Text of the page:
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Federal court looks at N.C. voting law

“This is our Selma,” the president of the North Carolina NAACP said, rallying activists and denouncing Republican efforts to suppress the vote 50 years after the brutal, bloody marches for voting rights in the South.

The Rev. Dr. William J. Barber II, the leader of the state NAACP, joined other civil rights activists in mid-July in a massive march in Winston-Salem, North Carolina. They were marking the start of a federal trial over a state law restricting when and how people can vote. The outcome of the trial could have sweeping implications for voting rights nationwide.

“North Carolina was the first state to pass a restrictive voting law after the Supreme Court weakened the Voting Rights Act of 2013, and it is the worst voter suppression law the country has seen since 1965,” Barber said. “The people of North Carolina are standing up — in the courts and on the streets — because we refuse to accept the revival of Jim Crow tactics used to block access to the ballot for African-American and Latino voters.”

When first introduced in 2013, the North Carolina measure consisted of 12 pages and called for requiring voters to present photo IDs. That measure, inspired by a model bill drafted by the right-wing American Legislative Exchange Council — which is heavily influenced by the billionaire brothers David and Charles Koch — proved objectionable to progressives.

But it got much worse.

After the Supreme Court ruling in the Shelby County v. Holder voting rights case, lawmakers expanded the bill to 40 pages. The measure — H.B. 589, which passed along party lines — shortens the early voting period by a week, eliminates same-day registration, prohibits counting provisional ballots cast out of precinct, expands the ability to challenge voters, eliminates a pre-registration program for teenagers and requires photo IDs.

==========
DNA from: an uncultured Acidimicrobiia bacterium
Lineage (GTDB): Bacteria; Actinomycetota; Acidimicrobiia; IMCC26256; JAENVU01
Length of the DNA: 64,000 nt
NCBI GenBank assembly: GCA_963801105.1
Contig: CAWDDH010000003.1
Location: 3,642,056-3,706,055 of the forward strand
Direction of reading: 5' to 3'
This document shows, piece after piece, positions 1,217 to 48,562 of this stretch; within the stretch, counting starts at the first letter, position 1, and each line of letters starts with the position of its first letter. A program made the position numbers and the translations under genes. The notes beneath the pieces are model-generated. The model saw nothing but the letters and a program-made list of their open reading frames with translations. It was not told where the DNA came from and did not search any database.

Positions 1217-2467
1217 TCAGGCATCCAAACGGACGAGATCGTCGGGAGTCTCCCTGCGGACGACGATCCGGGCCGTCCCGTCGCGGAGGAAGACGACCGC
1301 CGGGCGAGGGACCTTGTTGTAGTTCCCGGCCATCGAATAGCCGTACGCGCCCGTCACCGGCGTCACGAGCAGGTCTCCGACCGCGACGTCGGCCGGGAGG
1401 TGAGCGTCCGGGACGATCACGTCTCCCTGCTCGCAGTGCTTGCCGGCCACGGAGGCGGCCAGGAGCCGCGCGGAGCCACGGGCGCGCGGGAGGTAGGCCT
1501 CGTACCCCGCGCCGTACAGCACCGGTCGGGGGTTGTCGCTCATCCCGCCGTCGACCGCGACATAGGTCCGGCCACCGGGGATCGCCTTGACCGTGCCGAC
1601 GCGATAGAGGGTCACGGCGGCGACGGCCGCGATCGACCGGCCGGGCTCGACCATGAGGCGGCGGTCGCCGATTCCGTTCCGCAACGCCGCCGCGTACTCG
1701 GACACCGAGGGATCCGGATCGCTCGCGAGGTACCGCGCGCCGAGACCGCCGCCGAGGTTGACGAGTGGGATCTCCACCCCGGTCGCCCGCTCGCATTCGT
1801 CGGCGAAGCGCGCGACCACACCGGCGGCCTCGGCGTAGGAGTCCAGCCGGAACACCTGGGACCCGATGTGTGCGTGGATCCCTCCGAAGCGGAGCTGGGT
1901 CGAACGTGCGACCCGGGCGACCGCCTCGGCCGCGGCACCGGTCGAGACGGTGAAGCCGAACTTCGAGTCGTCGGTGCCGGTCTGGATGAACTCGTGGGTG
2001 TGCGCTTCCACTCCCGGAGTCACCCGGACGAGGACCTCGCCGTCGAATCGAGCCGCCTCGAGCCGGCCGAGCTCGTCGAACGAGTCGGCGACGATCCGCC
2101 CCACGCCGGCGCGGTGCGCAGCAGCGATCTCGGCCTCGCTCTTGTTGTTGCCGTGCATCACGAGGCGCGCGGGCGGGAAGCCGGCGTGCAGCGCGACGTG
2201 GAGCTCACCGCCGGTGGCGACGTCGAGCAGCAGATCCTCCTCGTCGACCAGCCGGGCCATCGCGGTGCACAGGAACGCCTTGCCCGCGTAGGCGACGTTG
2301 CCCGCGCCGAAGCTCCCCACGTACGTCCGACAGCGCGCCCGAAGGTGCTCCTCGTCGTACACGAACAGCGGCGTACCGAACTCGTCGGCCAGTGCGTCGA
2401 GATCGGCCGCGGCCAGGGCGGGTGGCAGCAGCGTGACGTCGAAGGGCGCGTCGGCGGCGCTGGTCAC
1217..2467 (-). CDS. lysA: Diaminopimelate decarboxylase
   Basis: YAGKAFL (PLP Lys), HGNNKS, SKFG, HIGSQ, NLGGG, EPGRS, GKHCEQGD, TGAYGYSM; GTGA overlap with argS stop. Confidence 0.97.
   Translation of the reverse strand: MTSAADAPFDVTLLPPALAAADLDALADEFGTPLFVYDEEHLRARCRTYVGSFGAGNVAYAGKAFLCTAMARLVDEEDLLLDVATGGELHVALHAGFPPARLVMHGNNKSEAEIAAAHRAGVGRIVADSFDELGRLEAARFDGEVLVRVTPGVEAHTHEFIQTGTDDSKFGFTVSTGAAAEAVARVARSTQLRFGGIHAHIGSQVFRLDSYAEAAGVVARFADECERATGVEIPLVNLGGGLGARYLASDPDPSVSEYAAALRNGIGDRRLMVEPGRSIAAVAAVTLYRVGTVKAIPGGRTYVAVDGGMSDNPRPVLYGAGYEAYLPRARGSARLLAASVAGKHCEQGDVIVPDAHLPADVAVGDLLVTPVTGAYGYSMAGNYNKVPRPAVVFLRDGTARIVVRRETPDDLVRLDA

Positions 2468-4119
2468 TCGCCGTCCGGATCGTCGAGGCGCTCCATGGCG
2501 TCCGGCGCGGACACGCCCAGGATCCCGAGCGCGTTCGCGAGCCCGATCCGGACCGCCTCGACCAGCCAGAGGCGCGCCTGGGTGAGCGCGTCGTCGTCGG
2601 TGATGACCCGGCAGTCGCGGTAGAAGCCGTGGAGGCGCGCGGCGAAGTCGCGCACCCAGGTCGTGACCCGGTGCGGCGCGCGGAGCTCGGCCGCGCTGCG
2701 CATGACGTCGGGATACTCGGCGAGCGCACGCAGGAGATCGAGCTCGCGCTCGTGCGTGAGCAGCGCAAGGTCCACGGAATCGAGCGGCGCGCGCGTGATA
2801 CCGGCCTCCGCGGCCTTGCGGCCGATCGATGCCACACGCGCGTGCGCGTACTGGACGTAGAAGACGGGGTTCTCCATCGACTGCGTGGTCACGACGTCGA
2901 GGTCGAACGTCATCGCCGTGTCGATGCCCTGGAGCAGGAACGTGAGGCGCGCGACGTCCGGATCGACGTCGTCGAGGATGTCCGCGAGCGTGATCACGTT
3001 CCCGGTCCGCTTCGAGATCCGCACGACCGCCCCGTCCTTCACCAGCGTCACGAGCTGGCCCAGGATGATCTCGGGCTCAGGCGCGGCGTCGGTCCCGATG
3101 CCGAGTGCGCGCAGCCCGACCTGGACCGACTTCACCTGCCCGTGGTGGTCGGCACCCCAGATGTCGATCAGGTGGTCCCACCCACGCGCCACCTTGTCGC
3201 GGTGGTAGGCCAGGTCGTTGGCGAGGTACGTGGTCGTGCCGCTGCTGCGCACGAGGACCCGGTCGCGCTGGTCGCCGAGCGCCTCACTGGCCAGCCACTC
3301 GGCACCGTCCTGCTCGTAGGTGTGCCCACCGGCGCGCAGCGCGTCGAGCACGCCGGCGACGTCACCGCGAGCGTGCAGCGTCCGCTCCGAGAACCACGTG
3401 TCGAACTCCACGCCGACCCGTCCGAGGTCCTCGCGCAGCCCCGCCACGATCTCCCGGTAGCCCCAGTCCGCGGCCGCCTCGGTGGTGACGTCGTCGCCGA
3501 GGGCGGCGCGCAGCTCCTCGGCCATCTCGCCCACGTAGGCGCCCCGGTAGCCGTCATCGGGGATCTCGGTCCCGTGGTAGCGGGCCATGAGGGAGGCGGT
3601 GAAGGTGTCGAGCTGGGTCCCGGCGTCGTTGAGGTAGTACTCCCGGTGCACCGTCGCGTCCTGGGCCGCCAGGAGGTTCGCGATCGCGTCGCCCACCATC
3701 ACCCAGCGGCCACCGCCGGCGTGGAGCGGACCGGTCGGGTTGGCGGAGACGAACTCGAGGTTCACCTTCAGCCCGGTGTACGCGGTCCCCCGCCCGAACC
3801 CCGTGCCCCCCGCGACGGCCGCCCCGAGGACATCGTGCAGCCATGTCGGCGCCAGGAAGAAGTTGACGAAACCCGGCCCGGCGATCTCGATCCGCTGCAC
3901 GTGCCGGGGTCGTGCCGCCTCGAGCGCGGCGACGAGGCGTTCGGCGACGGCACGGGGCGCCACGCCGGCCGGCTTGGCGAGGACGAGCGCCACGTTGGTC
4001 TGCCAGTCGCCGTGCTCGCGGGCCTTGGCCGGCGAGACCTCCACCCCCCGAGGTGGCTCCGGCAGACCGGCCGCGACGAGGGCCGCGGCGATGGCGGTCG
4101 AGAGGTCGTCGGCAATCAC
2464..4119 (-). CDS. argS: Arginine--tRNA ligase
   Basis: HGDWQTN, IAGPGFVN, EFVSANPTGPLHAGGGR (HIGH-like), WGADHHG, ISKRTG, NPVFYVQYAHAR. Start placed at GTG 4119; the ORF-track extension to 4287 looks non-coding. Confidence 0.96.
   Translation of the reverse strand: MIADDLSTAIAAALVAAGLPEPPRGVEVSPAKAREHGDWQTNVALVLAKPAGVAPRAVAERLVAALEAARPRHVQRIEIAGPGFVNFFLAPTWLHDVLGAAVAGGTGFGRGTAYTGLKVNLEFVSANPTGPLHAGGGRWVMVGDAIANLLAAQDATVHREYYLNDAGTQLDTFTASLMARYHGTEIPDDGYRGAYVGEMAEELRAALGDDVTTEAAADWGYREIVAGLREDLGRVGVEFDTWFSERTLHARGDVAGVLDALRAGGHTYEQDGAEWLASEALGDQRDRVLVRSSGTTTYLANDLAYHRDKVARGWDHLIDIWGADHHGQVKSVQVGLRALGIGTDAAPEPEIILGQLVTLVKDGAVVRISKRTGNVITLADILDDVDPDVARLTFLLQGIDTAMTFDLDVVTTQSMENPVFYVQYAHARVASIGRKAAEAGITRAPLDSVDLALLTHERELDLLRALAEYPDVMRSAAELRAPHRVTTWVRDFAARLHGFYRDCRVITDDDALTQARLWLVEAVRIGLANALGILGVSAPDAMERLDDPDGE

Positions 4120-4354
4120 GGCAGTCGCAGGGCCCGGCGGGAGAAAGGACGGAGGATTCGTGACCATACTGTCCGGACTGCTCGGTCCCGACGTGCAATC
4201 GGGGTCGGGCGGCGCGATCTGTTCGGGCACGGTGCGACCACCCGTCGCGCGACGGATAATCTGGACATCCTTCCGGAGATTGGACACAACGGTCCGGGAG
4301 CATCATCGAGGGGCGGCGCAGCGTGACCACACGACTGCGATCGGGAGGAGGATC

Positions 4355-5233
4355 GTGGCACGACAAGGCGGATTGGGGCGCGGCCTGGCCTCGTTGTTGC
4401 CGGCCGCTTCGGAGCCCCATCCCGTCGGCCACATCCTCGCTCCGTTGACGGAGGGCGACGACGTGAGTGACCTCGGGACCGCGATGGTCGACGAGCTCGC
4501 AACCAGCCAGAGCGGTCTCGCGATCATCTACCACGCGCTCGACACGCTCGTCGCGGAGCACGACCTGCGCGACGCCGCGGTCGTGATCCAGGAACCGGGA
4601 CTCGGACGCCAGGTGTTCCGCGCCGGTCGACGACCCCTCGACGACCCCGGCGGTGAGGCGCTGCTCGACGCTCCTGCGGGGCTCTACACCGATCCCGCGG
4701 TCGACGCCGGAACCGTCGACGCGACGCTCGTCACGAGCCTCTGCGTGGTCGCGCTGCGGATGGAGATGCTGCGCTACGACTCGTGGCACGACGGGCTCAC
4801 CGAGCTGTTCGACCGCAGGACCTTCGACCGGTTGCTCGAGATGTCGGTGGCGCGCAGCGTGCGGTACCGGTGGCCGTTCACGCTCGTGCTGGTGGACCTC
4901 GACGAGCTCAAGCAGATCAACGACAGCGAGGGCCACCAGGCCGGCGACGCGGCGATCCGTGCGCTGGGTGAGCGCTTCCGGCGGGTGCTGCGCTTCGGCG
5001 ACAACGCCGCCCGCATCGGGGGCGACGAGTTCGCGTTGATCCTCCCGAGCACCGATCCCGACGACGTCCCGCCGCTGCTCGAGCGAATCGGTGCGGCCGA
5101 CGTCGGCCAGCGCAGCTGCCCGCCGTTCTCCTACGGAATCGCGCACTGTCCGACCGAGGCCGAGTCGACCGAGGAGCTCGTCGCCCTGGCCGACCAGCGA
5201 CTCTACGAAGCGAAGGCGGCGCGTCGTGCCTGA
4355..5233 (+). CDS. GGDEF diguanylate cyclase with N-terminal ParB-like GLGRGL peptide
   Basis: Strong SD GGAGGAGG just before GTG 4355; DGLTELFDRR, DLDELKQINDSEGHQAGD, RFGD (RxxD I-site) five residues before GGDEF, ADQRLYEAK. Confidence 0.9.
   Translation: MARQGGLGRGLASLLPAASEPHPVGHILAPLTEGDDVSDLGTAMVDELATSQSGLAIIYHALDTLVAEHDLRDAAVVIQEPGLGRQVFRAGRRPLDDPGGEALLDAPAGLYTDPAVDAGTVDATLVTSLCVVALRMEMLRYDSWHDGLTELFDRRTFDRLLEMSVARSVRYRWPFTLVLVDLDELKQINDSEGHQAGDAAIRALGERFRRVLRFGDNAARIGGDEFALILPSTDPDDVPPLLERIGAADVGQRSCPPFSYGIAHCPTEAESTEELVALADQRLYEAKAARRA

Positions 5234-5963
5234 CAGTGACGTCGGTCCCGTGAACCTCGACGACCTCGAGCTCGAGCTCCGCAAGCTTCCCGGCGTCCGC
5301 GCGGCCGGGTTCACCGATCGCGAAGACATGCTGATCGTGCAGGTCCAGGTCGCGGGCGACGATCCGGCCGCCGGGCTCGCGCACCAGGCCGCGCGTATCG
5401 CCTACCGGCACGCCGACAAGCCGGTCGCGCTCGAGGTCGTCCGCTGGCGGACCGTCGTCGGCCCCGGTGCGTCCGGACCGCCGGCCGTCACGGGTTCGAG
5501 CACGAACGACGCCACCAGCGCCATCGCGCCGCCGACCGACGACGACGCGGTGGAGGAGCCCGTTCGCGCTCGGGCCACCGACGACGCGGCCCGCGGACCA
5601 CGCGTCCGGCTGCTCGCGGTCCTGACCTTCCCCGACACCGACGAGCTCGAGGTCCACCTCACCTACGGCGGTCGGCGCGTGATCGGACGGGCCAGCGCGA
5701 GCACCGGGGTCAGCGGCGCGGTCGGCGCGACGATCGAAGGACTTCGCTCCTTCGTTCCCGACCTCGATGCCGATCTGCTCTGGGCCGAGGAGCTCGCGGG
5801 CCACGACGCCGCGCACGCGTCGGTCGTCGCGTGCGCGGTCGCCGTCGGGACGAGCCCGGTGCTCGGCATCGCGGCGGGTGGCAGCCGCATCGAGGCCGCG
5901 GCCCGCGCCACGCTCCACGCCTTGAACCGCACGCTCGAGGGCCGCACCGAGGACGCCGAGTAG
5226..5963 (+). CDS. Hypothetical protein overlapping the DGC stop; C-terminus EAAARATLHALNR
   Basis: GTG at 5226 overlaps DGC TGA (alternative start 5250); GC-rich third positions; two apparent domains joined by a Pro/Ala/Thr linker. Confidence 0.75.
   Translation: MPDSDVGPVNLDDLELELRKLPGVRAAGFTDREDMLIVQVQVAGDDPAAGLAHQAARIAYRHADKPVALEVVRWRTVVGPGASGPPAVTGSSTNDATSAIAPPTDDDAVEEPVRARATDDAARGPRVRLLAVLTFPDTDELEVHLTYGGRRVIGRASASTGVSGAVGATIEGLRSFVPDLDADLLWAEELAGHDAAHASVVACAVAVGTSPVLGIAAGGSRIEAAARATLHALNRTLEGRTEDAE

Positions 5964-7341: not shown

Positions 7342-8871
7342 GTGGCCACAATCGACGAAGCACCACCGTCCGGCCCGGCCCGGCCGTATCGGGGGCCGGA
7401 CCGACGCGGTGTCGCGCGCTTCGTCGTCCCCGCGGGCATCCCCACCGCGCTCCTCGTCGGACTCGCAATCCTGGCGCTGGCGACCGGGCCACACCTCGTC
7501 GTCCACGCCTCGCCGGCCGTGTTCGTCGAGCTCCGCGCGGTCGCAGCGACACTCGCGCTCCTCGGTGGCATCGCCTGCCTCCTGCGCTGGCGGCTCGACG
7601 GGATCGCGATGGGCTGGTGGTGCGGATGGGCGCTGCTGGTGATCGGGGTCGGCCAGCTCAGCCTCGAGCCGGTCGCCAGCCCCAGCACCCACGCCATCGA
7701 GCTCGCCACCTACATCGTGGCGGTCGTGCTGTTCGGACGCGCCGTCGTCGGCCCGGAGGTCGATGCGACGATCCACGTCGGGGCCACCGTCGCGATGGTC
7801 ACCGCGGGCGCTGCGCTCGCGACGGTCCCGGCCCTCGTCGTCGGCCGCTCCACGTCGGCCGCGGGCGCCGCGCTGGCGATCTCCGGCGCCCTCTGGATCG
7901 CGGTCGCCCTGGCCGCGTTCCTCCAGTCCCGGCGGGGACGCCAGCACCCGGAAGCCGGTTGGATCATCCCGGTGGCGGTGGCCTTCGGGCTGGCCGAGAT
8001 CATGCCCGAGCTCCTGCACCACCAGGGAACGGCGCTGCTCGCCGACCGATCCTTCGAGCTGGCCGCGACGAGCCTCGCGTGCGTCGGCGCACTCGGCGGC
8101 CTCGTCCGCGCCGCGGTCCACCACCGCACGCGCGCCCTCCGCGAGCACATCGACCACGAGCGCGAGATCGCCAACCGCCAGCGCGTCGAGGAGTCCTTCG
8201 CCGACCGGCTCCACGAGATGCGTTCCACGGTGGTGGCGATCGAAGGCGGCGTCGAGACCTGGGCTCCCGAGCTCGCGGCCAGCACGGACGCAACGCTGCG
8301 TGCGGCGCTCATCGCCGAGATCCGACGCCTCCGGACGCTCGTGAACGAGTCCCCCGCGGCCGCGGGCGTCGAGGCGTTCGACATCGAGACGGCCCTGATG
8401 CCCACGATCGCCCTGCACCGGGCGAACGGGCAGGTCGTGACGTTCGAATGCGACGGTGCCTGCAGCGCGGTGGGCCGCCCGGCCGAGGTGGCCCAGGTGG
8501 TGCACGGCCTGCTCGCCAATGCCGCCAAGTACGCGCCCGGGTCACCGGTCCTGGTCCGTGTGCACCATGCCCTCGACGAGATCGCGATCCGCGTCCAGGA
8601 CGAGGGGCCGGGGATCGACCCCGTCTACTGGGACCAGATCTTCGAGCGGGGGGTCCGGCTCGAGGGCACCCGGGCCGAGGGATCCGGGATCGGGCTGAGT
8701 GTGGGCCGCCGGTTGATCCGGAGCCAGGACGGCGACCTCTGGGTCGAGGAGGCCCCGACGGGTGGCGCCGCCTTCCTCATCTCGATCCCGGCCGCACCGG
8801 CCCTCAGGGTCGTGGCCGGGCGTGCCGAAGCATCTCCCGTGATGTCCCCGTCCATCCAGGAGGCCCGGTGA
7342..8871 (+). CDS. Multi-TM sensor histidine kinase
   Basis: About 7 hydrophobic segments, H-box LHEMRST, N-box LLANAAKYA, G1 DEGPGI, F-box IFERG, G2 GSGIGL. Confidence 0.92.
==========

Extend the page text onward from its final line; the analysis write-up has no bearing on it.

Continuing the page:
Post-Shelby, other state legislatures reduced access to the polls and created new restrictions on voting. But in North Carolina, lawmakers rolled all the right-wing voting restrictions advocated by ALEC into an omnibus measure that passed swiftly, with minimal public comment, just before the end of the 2013 legislative session. At the time, critics compared Republicans’ drive in North Carolina to the suppression strategy carried out by Republicans in Wisconsin. Since 2011, Wisconsin has twice reduced in-person early voting, introduced restrictions on voter registration, changed residency requirements, eliminated straight-ticket voting, limited opportunity to obtain an absentee ballot by fax or email and imposed a voter ID requirement.

In the North Carolina House, every Democrat asked to speak against the bill.

“The whole Democratic caucus, after the bill passed, stood up and bowed their heads in a moment of silence,” said state Rep. Henry “Mickey” Michaux, who testified at the trial.

As in Wisconsin, the ACLU and the League of Women Voters organizations in North Carolina are leading the challenge to the voter suppression law, along with the Southern Coalition for Social Justice.